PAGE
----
After the Christchurch massacre - page two

ALARMING FIGURES: Tell Mama, a charity organisation monitoring hate crimes, has already declared that attacks on Muslims in Britain increased by 593 per cent the week following the Christchurch massacre.

According to figures published by the Guardian, “95 incidents were reported to the charity between 15 March, the day of the New Zealand mass shooting, and midnight on 21 March. “Of those, 85 incidents — 89 per cent of the total — contained direct references to the New Zealand attacks and featured gestures such as mimicking firearms being fired at Muslims,” it wrote.

In its annual report, the group noted a surge in Islamophobic attacks, with 1,201 verified reports submitted in 2017, a rise of 26 per cent on the year before and the highest number since it began recording incidents.

In the same vein, a Pew Research Centre analysis of hate crimes statistics from the FBI in the US revealed that “the number of assaults against Muslims in the United States rose significantly between 2015 and 2016, easily surpassing the modern peak reached in 2001, the year of the September 11 terrorist attacks.”

In another Pew survey conducted in early 2017, three-quarters of Muslim American adults (75 per cent) said there was “a lot” of discrimination against Muslims in the US, a view shared by nearly seven-in-10 adults in the general public (69 per cent).

In the holy month of Ramadan, many “American Muslims fear attacks like the Christchurch Mosque massacre” could happen again, according to Ghazali. He referred to an incident when a mosque in the Southern California city of Escondido was set on fire a few days after the Christchurch tragedy.

“The blaze was extinguished by the worshippers, and no one was injured,” Ghazali said. “However, the police said that a note was found in the mosque’s parking lot that referenced the recent Christchurch mass shootings.”

Even more tolerant societies like in Canada have not been immune to hate crimes, which reportedly “increased by 47 per cent in 2017, primarily targeting Muslims, Jews and black people,” according to figures released by the country’s statistical agency. But, according to the agency, “the biggest increase was in crimes targeting Muslims.”

The Christchurch terror attack also conjured up images of Canada’s deadliest ever shooting, killing six Muslim worshippers at the hands of a white supremacist after evening prayers in the Islamic Cultural Centre in Quebec City.

The worshippers, all immigrants, had hardly finished their evening prayers when suddenly Alexandre Bissonnette, a white supremacist now sentenced to 40 years in prison, stormed the mosque and opened fire, killing them all.

Christchurch has also awakened poignant memories of the deadly 2015 Chapel Hill hate crime that claimed the lives of 23-year-old American-Syrian Muslim Deah Shaddy, his veiled bride 21-year-old Yusor Mohamed Abu Salha, and her veiled sister 19-year-old Razan. The once joyously happy couple had hardly posted their beautiful wedding photographs on line when others took their place showing them bathed in blood. The three were shot dead in a “dispute over parking”, but their family has insisted that the murder was a hate crime motivated by the religious identity of the victims.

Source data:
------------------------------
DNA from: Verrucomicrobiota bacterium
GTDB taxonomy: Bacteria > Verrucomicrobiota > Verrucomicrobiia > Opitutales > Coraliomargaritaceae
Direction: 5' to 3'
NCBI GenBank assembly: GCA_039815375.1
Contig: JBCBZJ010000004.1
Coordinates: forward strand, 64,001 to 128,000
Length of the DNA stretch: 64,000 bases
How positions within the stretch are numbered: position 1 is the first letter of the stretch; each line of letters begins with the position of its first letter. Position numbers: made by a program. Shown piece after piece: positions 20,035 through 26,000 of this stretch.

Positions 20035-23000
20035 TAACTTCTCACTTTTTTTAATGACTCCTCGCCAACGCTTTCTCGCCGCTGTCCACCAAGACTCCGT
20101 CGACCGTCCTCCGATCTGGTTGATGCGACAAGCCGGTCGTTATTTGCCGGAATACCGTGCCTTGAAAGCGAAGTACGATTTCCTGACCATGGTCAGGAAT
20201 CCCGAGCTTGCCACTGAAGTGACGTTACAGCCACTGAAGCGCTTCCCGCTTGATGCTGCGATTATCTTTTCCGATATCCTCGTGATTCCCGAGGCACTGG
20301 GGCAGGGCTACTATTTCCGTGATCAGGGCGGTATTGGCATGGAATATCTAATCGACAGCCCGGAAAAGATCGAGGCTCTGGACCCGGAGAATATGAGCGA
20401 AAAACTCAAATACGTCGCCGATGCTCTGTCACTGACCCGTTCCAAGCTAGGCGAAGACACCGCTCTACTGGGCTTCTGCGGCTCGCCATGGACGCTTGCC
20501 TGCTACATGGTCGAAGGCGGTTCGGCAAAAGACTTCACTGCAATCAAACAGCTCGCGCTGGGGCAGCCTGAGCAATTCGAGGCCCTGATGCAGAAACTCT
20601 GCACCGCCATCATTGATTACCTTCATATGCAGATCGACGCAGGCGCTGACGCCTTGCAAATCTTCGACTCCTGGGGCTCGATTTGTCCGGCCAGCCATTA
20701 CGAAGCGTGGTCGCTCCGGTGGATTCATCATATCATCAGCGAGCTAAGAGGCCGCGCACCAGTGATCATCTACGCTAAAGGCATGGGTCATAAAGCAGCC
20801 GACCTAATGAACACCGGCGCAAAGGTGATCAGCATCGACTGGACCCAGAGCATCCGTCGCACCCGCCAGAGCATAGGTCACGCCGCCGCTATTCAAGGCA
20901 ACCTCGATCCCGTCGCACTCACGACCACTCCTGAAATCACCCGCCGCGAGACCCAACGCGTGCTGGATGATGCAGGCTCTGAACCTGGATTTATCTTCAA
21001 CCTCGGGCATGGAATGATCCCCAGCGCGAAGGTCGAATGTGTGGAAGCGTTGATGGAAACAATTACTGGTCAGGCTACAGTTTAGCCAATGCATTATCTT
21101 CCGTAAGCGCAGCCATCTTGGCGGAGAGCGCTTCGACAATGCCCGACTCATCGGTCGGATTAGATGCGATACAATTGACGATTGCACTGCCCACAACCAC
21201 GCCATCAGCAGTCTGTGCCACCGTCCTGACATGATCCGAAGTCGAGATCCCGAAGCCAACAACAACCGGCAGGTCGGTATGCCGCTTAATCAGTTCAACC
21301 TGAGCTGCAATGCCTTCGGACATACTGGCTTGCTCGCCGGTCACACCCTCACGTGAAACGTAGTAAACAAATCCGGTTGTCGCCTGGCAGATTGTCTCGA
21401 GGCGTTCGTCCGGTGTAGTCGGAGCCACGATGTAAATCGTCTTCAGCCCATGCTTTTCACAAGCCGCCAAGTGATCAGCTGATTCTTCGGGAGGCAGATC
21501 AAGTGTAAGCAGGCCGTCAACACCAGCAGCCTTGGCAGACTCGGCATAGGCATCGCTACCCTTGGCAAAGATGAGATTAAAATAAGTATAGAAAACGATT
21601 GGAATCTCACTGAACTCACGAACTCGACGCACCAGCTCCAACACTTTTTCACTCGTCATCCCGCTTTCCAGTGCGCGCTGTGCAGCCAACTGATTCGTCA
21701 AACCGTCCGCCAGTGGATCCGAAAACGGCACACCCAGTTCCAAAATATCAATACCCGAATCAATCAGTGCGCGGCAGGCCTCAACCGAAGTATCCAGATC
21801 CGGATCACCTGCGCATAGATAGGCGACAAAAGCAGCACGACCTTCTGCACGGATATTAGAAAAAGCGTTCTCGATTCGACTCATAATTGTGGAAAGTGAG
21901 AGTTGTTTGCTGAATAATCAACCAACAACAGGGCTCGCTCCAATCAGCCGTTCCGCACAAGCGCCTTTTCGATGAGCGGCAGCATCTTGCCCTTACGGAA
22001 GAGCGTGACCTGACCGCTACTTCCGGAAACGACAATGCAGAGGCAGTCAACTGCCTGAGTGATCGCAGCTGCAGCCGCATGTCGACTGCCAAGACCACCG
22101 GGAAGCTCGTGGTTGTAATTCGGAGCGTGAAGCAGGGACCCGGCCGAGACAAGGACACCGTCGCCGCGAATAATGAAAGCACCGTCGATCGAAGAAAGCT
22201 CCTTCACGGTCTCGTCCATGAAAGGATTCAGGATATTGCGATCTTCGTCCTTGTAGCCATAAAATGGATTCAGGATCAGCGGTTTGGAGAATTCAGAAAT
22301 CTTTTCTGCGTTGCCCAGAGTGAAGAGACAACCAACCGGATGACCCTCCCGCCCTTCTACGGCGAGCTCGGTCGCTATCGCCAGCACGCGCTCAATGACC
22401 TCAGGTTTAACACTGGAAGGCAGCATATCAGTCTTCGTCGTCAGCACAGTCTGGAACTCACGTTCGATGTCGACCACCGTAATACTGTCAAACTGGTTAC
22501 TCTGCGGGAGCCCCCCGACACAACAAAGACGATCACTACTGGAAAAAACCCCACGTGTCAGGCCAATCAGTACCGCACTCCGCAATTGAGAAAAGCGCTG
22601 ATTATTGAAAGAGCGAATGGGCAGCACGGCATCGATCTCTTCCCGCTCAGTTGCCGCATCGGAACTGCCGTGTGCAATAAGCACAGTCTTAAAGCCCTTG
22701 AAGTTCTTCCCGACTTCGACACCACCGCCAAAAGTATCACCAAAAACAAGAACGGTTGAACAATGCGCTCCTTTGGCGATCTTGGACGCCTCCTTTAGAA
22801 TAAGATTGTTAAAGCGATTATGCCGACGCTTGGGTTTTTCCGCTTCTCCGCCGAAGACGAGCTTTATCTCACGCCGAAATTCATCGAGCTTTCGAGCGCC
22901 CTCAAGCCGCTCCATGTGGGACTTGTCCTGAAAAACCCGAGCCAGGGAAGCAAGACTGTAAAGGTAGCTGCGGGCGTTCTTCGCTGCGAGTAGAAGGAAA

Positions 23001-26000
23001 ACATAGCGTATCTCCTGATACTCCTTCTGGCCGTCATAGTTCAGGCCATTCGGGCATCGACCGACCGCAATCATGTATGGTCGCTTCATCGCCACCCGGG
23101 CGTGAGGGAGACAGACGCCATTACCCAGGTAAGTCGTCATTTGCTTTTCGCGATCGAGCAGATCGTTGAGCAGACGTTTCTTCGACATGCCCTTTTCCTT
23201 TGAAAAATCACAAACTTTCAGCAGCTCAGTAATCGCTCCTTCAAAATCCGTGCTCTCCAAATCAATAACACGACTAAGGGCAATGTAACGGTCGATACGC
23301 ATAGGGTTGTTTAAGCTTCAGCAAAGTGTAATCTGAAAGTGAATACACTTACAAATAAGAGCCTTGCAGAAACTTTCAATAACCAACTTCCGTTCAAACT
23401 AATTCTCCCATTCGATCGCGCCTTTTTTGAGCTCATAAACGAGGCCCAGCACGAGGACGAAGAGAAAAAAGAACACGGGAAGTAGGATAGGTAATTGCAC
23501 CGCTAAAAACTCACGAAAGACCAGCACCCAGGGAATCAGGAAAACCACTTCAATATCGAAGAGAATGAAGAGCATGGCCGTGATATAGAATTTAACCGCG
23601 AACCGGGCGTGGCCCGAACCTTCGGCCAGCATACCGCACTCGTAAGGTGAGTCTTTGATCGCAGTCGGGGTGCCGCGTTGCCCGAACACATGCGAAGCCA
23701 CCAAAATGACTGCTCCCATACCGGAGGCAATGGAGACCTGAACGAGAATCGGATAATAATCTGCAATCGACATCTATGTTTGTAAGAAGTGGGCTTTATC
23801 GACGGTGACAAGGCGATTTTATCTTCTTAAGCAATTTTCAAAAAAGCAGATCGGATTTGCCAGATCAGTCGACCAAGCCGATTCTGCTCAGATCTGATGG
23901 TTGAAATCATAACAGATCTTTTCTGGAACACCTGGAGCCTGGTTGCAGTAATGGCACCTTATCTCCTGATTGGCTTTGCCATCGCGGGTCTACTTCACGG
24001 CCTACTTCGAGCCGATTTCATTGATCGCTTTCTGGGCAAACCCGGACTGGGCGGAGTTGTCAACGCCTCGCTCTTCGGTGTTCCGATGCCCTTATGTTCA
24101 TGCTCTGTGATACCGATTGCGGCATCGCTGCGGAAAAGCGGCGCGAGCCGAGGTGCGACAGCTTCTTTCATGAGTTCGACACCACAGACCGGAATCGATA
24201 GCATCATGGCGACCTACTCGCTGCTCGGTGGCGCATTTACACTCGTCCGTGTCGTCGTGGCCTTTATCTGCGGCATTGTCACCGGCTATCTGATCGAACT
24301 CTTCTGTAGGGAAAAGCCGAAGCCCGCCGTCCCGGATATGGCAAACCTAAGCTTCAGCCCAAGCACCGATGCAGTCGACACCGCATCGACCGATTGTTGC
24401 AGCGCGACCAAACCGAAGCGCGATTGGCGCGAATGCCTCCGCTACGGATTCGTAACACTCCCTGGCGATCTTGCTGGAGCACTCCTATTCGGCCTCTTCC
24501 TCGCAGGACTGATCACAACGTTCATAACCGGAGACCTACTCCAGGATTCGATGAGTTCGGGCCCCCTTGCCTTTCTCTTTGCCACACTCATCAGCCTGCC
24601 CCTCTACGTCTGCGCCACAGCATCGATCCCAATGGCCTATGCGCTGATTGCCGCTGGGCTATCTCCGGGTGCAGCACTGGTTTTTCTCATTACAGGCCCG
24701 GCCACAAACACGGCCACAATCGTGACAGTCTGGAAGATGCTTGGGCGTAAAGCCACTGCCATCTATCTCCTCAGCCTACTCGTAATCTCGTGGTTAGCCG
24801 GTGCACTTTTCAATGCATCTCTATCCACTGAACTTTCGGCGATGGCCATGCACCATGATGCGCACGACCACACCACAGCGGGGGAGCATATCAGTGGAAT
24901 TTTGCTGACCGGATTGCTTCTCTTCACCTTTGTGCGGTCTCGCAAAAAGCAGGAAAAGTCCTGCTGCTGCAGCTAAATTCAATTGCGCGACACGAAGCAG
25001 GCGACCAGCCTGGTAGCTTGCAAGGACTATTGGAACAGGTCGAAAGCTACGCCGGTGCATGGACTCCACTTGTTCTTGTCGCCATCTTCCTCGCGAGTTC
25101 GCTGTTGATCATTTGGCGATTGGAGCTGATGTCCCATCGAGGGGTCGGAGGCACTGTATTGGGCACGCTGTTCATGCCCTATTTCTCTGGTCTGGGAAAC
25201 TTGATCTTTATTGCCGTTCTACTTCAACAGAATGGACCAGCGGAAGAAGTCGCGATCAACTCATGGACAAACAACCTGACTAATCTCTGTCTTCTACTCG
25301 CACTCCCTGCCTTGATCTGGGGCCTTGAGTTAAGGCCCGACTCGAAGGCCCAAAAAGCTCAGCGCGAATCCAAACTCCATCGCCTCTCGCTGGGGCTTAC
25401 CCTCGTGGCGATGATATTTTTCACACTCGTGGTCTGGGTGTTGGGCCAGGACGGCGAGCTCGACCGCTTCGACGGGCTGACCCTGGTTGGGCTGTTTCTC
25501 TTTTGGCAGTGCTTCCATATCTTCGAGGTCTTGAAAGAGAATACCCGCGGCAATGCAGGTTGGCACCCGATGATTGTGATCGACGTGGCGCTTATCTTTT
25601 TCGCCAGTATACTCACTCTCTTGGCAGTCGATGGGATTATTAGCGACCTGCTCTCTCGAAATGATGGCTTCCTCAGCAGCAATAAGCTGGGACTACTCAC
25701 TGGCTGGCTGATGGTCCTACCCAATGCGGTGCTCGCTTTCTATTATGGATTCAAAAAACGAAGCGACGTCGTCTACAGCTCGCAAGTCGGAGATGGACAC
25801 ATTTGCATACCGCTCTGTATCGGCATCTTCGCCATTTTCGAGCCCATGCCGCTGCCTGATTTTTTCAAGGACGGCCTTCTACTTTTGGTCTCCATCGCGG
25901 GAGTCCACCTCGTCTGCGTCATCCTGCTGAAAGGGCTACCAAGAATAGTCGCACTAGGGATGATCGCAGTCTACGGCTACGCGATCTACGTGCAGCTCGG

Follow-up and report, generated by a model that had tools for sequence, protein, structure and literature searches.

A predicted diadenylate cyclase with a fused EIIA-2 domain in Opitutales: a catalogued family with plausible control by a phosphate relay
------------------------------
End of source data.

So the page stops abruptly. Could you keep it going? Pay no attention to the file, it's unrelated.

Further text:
In Ramadan of 2016, veiled 17-year-old Nabra Hassanen of northern Virginia in the US was assaulted and killed as she walked home after prayers at a mosque near Washington, and police charged 22-year-old Darwin Martinez Torres with her murder. Her pictures immediately conjured up images of veiled martyr Marwa Al-Sherbini, an Egyptian pharmacist who was fatally stabbed in front of her husband and three-year-old son in a court in Dresden, Germany, for nothing other than her religious identity.

In another incident, 51-year-old Makram Ali was hit by a van driven into a crowd of worshippers as they were leaving Ramadan prayers on a Monday night in the streets of Finsbury Park in north London. “He died in his daughter’s arms, and 11 other Muslims were injured in what is being treated as a terrorist incident by British police,” according to Willy Fautre of the NGO Human Rights Without Borders (HRWF).

THE RISE OF THE EXTREME RIGHT: Earlier this year, the Anti-Defamation League in the US, a NGO, reported that 2018 was the worst year for far-right killings in the United States since 1995 when Timothy McVeigh killed 168 people in Oklahoma City.

“Far-right terrorism has a history of promoting anti-Muslim sentiments,” noted Fautre.

Extreme right-wing politicians, however, seem to be gaining more popularity across the US and Europe. “They [the far-right advocates] are emboldened by the rise of populist parties and rhetoric,” Bleich lamented. “They feel that they have more permission to express their views openly, which gives some extremists the feeling that carrying out attacks fits with the general trend.”

The Christchurch murderer has confessed that he was inspired by mass killer Andres Behring Breivik, a far-right terrorist who killed 77 people in Norway in 2011. Breivik was “anti-Muslim” but ironically his terror attack was not targeting Muslims.